Who cares? Really, the high burn output is not where you will be burning the stove most of the time. More important is the medium to low burns that keep the house warm. In that area, the BK stoves are superior. Same firebox size, but a stat and more controllable low burn.
  19. jeff_t

    jeff_t Minister of Fire

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    I'm not so sure about the higher peak output. I know my stove has no problem at 750-800°. I don't think the Chinook will be that much different when it's cranked. Not too many Chinooks here. The only two I know about on this forum aren't worked hard enough to know how they burn when pushed. Hass runs his on low all the time, and Franks' is in the showroom.
  20. Highbeam

    Highbeam Minister of Fire

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    You have a good point that both stoves can be 800 degrees and both stoves have the same surface area. So why on earth would one stove be making more output? Perhaps the blowers are different, but I would have to say that the BK blowers are a very good design. Is the PH even available with a blower add-on?
  21. rdust

    rdust Minister of Fire

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    I've never had to run my stove over "2" after burning a load in. We've had a mild winter but we had a handful of days of what I consider cold for my area and the stove cruised through without an issue. For my house a stove top in the 400* range will put heat back into the house when it's in the teens a little lower will maintain current temps rather well. No roller coaster rides with these stoves house temps are pretty steady for the full burn.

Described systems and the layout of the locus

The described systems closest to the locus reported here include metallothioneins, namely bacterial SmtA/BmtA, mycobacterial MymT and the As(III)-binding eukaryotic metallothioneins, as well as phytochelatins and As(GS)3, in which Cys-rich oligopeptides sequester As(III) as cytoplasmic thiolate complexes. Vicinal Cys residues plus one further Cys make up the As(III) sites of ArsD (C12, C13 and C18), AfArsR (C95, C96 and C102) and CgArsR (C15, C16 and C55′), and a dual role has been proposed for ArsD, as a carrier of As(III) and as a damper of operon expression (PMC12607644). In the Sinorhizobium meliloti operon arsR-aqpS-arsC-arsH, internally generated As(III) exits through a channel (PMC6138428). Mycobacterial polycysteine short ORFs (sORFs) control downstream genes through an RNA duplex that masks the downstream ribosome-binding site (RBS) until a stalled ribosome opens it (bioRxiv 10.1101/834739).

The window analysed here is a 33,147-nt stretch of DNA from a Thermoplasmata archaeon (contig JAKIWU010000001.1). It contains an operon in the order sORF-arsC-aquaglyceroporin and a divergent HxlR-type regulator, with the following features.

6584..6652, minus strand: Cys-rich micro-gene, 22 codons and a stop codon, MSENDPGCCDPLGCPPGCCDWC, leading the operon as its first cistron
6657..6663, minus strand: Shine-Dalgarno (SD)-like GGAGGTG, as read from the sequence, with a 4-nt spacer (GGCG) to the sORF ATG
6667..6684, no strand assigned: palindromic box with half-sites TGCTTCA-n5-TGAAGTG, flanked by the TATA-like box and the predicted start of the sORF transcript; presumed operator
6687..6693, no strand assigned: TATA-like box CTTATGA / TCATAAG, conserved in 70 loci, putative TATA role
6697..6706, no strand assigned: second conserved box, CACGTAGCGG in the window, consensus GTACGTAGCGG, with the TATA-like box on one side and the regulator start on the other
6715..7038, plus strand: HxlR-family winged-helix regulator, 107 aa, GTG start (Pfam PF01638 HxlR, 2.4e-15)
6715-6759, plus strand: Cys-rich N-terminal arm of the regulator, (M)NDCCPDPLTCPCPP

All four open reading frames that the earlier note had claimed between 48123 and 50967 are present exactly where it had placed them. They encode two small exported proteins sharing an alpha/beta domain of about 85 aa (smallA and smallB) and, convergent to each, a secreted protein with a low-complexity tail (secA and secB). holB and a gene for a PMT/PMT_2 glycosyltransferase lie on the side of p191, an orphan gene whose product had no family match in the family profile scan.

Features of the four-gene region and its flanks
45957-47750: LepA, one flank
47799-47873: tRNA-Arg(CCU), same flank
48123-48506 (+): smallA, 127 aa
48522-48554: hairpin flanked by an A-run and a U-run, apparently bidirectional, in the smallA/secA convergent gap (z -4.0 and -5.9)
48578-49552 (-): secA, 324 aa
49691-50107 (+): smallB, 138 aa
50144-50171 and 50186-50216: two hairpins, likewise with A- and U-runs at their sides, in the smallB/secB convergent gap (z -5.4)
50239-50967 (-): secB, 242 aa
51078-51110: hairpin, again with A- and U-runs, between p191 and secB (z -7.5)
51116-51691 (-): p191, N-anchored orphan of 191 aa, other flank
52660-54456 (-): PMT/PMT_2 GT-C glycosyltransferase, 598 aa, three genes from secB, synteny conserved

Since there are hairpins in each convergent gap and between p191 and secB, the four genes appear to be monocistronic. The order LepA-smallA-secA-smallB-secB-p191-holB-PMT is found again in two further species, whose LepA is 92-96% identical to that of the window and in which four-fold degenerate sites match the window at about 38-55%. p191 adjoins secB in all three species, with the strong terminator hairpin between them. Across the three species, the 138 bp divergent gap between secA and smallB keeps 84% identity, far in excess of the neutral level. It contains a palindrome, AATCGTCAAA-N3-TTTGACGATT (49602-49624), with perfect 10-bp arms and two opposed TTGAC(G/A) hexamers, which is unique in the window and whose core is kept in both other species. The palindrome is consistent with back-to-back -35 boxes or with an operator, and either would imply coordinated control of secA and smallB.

Right now is the type of weather why I bought an ugly Blaze King, low 30's high 20's at night and 40's-50's during the daytime. One load at night is good for 22-24 hours, I still find it rather amazing. :)
  22. SolarAndWood

    SolarAndWood Minister of Fire

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    It seems I may be one of the few that ever runs the BK wide open. I have a relatively high heat load and no furnace. So, when it is below 0 or below 20 and blowing, it gets stuffed full with the good stuff and cranked. Days like today it gets stuffed with "junk" wood and burned relatively low with no fear of overheating the house. The clean reliable no fuss range of output of these stoves is amazing.
  23. eclecticcottage

    eclecticcottage Minister of Fire

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    Any sirrico (sp) owners yet?
  24. jeff_t

    jeff_t Minister of Fire

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    I've been loading every other day lately, finding enough coals to relight after 48 hours. That's been about right to get the house warmed up, shut it down some and go to bed. I'll open it back up a little in the morning if needed, shut it down for the day, then open it back up in the evening. That will get us thru until morning, then close it down for the day. Repeat.
    The last couple of days have been decent, but with a stiff north wind. My long ranch house faces north, so that sucks out a lot of heat. With the extra pull on the chimney, I'm running the t-stat about the same, but the stove is burning hotter. That's keeping the inside temps comfy, even with the bright sun. But I'm loading every 24 hours ;lol